The first use of the after burner produced a 300 mph run and when it was shut down it felt like someone had "slammed on the brakes, but the airspeed indicator showed that I was still accelerating under regular engine power". 335mph was clocked before the engine suddenly went off-song. Salt crystals were being flicked off the front wheels and back into the engine where they stuck to the turbine blades, throwing them off balance. Time was running short and although every effort was made to clean the blades, the job couldn't be completed in time. It was 1963 and the WINGFOOT team left Bonneville to Craig Breedlove - who promptly put the record above 400mph for the first time with his 3 wheeled Spirit of America only to run into controversy - but that, as they say, is another story!
Returning in 1964, WINGFOOT EXPRESS struggled to pick up speed. For a week the team ran it back and forth without getting nearer to 400 than they had the previous year.The engine lacked it's previous power and as the allotted time on the salt drew to a close a desperate last minute fix was sought. At one point 14 people simultaneously swarmed over the car, changing to a back-up engine but once completed the performance was still not what they had previously experienced. Finally Art Arfons took his brother aside and suggested opening the "clamshells" on the exhaust a touch. He figured the current 17 inch opening was maybe too small and back pressure was stifling performance. "There had been a great rivalry between Walt & Art Arfons. but for the most part this had been healthy "says Green "it was a 1/16 turn of the idle adjustment on the engine and opening of the afterburner clamshells (to 19 inches) that brought the engine up to record performance". As a final tweek, Green took a snips to the bodywork and cut away some of the engine intake to help relieve back pressure when the throttle was shut down - only afterwards did he realise, to his horror, that he'd cut away part of a Goodyear logo in the process…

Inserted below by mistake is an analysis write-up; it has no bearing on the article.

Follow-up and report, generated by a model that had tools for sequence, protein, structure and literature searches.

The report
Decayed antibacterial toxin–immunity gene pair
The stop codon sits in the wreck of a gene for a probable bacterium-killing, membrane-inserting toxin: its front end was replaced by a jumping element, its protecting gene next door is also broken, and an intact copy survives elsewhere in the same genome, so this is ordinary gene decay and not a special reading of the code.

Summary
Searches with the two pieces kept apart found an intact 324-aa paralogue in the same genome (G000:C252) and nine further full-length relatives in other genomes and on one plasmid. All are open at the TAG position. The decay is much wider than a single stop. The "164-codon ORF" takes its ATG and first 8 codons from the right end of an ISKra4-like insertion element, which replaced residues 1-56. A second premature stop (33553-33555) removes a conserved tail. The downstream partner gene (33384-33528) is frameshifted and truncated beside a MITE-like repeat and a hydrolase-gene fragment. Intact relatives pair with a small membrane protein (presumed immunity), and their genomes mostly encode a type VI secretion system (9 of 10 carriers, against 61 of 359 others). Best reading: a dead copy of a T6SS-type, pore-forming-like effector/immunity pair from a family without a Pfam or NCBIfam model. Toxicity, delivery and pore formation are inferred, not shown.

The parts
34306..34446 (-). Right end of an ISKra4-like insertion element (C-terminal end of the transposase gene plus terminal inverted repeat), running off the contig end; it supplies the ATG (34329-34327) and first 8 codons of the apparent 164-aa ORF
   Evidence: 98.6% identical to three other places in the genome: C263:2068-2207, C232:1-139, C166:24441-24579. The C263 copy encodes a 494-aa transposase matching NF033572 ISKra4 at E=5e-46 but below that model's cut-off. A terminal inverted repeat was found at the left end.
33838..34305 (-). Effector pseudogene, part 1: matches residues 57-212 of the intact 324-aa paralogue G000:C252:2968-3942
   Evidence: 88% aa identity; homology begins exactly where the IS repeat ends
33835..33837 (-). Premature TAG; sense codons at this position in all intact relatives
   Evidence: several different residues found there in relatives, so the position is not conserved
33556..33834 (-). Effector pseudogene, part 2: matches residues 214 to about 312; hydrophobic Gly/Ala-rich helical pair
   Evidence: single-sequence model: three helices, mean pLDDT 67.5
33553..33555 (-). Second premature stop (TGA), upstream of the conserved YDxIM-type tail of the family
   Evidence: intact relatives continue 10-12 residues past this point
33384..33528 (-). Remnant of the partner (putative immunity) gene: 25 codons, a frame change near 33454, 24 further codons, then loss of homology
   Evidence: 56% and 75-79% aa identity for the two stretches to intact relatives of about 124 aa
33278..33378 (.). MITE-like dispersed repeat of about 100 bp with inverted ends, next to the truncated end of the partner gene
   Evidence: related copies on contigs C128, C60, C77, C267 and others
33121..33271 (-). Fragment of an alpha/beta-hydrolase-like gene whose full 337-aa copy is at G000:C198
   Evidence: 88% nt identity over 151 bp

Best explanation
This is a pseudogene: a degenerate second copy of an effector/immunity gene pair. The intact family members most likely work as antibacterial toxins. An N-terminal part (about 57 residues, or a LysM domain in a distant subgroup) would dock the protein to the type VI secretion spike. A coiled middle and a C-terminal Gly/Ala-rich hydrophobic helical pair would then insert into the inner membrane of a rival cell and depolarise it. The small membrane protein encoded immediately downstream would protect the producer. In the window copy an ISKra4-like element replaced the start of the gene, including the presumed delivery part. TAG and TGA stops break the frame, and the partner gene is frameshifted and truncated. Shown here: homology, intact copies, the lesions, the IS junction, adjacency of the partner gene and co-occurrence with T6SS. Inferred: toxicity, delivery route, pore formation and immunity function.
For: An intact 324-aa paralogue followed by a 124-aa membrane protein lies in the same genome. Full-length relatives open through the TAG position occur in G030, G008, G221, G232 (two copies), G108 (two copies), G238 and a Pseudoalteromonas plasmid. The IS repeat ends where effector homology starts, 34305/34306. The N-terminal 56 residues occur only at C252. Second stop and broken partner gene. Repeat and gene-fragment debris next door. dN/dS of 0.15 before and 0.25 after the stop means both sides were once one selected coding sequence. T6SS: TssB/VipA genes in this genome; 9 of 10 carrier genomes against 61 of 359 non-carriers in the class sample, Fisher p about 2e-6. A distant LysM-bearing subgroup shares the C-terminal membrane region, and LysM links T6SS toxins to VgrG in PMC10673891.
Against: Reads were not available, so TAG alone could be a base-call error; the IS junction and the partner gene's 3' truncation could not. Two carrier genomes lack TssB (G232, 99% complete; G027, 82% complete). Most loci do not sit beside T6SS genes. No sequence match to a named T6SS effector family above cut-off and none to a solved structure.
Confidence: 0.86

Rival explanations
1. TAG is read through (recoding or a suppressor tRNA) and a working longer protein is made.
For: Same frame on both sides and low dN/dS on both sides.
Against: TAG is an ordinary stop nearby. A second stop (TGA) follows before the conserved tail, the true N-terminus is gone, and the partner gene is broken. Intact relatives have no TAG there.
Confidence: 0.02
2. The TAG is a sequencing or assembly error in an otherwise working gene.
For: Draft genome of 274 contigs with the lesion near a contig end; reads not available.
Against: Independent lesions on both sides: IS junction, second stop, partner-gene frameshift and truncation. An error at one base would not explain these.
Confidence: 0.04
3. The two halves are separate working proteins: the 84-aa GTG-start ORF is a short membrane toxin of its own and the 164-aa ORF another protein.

Back out on course and WINGFOOT clocked 299mph without using the 'burner. Time was now getting very short.On October 2nd at 4.06pm the car recorded 406 mph with a few short stabs of afterburner. At the turnaround there was no time left to refuel as darkness was about to fall so in order to conserve what they had, the team rolled WINGFOOT up to a starting point just 2 miles away from the timing lights. Green gave the car it's head and turned a 420,07mph return run to grab the record at an average 413.20 mph - a shade under 2% above Breedlove's 3 wheeled best. One hour of daylight remained on the last day they had booked on the flats.
Wingfoot Express in drive
Sadly for the crew, they had little time to bask in the achievement for within 3 days the record had been hiked by none other than Walt's brother Art and WINGFOOT EXPRESS was no longer the fastest car on earth. Despite the potential to run the car much faster on a longer run-in, Tom Green had no desire to risk his neck on getting the record back . He returned to his job and today sits as vice president of the company, producing wrenches for SNAP-ON. "I did offer to help Walt with his rocket car but the design was his own". Arfons went on to build the second WINGFOOT EXPRESS with solid fuel rockets but, despite fiercesome performance, it lacked enough sustainable power to maintain record pace through the measured distance. Reading between the lines, one feels the radical concept of the car was somewhat alien to Green and his involvement with Land speed records had reached it's conclusion.
He still keeps in touch with Walt Arfons and met up with him again last summer.Of the current record, held by his namesake, Andy Green, Tom considers it "a tremendous breakthrough, which may not be surpassed for many years". One question remains unanswered : where is WINGFOOT EXPRESS today? Tom Green has no idea and neither, apparently does Walt Arfons!
Wingfoot Express 1964 - Story Of A record How Tom Green and Walt Arfons broke the record at 413mph
Simon Lewis Transport Bookshop Huge on line catalogue of car and bike racing books and collectables includes much Land Speed Record material, books, photos, models,prints etc.
JETWEBB site Dedicated to Jet cars and vehicles, lots of dragsters and a few Land Speed links and features on here.
AUSTRALIAN DRY LAKE RACERS page News and results from the southern hemisphere, includes a big long list of lake racing and land speed links.
DRAG LIST Drag racing links by the dozen includes some Land Speed ones and lots of references to people like Arfons.